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Aka Pardon mon Affaire, Too. Étienne (Jean Rochefort), Bouly (Victor Lanoux), Simon (Guy Bedos) et Daniel (Claude Brasseur) sont encore dans la quarantaine. Les affaires vont bien et il y a de nouvelles femmes qui leur causent des problèmes. Étienne imagine Marthe (Danièle Delorme) a acquis un amant. Lui et ses amis ont acheté ensemble une maison de week-end pour poursuivre des vies loin de leurs épouses et de leurs familles. Les complications habituelles de la romance, de l’adultère, de la jalousie, de l’amitié, des disputes et des rires surgissent chez les hommes d’âge moyen, accompagnées de complications typiques … Le réalisateur Yves Robert et le co-auteur Jean-Loup Dabadie revisitent la scène deux ans plus tôt, des personnages de Un éléphant ça trompe énormément jalonnent la narration d’Étienne. Simon est toujours dominé par sa mère, Bouly veut être un vrai papa mais on ne sait toujours pas si Daniel est gay. Plus ça change!

Solo: A Star Wars Story (2018)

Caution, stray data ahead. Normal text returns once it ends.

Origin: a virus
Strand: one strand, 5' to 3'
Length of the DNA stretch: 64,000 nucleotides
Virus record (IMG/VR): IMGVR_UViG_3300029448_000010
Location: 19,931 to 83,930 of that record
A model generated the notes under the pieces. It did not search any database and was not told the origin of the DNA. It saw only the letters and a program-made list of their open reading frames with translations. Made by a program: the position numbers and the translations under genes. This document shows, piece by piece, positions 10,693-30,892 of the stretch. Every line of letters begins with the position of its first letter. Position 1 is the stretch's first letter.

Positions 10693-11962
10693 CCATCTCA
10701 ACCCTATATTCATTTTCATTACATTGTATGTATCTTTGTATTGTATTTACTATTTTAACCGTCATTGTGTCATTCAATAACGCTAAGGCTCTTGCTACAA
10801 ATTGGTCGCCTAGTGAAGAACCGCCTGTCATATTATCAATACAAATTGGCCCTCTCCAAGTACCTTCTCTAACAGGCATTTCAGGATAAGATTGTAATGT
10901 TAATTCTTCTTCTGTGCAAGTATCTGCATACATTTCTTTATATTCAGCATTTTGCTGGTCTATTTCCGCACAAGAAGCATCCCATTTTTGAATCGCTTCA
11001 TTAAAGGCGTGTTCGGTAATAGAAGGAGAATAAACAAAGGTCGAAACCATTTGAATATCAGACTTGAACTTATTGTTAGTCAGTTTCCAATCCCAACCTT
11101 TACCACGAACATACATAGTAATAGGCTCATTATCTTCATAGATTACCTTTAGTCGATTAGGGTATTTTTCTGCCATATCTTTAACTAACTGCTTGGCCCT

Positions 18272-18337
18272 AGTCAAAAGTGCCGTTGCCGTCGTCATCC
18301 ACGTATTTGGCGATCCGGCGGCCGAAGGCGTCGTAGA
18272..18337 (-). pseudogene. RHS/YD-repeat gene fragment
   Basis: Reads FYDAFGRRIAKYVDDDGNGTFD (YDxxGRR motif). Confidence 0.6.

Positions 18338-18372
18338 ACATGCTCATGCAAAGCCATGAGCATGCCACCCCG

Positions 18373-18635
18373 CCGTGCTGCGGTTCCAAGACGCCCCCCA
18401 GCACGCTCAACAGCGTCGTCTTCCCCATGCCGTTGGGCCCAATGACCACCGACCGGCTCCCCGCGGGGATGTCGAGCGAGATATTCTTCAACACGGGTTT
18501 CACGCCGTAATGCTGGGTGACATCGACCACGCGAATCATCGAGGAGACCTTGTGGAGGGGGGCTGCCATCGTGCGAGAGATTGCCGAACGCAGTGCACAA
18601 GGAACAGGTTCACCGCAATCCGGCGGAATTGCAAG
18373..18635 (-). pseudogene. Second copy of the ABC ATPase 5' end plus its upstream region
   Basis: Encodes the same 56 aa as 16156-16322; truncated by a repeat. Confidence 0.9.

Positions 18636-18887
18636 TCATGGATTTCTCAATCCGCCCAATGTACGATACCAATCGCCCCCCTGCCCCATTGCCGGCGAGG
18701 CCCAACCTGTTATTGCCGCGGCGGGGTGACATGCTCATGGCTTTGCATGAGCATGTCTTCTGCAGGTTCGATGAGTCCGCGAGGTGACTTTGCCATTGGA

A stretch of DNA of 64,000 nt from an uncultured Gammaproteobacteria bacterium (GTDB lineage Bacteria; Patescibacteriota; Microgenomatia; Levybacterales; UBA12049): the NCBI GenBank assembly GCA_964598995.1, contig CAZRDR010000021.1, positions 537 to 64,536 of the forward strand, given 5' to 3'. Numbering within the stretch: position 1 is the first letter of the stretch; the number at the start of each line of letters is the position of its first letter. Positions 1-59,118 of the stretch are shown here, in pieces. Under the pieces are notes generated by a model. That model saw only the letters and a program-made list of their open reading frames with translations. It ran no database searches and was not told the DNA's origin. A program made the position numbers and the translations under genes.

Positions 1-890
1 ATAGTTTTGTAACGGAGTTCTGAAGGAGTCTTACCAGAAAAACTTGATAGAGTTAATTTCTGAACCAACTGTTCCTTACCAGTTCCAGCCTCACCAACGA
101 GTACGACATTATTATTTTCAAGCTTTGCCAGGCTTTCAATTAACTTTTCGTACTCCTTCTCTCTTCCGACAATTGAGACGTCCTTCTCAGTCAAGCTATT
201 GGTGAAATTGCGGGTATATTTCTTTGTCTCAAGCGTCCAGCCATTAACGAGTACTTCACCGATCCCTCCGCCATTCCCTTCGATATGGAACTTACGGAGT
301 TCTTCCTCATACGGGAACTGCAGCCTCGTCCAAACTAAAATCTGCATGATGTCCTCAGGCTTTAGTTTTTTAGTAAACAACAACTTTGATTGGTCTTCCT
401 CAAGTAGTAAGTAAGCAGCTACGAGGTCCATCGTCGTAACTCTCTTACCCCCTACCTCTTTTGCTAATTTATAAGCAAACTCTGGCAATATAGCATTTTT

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Let me give you some advice. Assume everyone will betray you. And you will never be disappointed. Scrumrat Han Solo (Alden Ehrenreich) is separated from his girlfriend Qi’ra (Emilia Clarke) on the planet Corellia and finds adventure when he joins a gang of galactic smugglers led by Beckett (Woody Harrelson) and career criminal Val (Thandie Newton) and including a 196-year-old furry Wookie named Chewbacca (Joonas Suotamo). Indebted to the gangster Dryden Vos (Paul Bettany) with whom Qi’ra has now thrown in her lot as a kept woman,  the crew devises a daring plan to travel to the mining planet Kessel to carry out a heist:  the booty is a batch of valuable coaxium, the kind of hyperfuel that gets the big bucks these days. In need of a fast ship, Solo meets Lando Calrissian (Donald Glover), the suave owner of the perfect vessel for the dangerous mission – the Millennium Falcon. As Qi’ra joins them on their mission, can she be trusted while a rebellion gets underway?… Let’s forget for a moment that Disney are all about squeezing the lemon dry.  The Star Wars Anthology Series continues with the most blatant sympathy plea ever:  the origins story behind Han and Chewie teaming up, sci fi’s most delectable meet cute.  In fact, tonally this has a lot in common with Raiders of the Lost Ark but then it was written by Lawrence Kasdan (working here with son Jonathan) who did Empire Strikes Back, Return of the Jedi, Raiders and The Force Awakens so we’re in good hands:  who knows Han better than this guy?! We find out how Han gets his name, how he and Chewie meet (cheers all round!), where he got the golden dice, how he meets dandyish smuggler Lando Calrissian (a welcome return albeit with Glover, who’s terrific) and in the other most anticipated meet cute – seeing the Millennium Falcon for the first time – and how he becomes its owner. Everything you really wanted to know, basically, is here in this SW primer, never mind the abortive milliennial trilogy. In fact this starts at a clip and mostly keeps it up in its own rackety style, with the literary names getting a payoff in a fight with a kind of sea monster out of Jules Verne: epic!  You’ll never mistake Ehrenreich for Solo (he looks too much like a young Orson Welles) but after a while you’ll take this on its own merits as he reluctantly discovers he’s not a complete rogue but a good guy against the background of a truly evil Empire. Interestingly for the principal female, Qi’ra is far from straightforward which will presumably lead us down some black holes in future outings even if Clarke is not convincing. If someone had never seen a Star Wars film (Heaven forfend) this would actually be a pretty good place to start even if I don’t always love it, neither the way it looks (too dirty and grey a lot of the time) nor the pace which doesn’t always maintain its consistency.  Never mind the box office, feel the wit. Directed (eventually) by Ron Howard.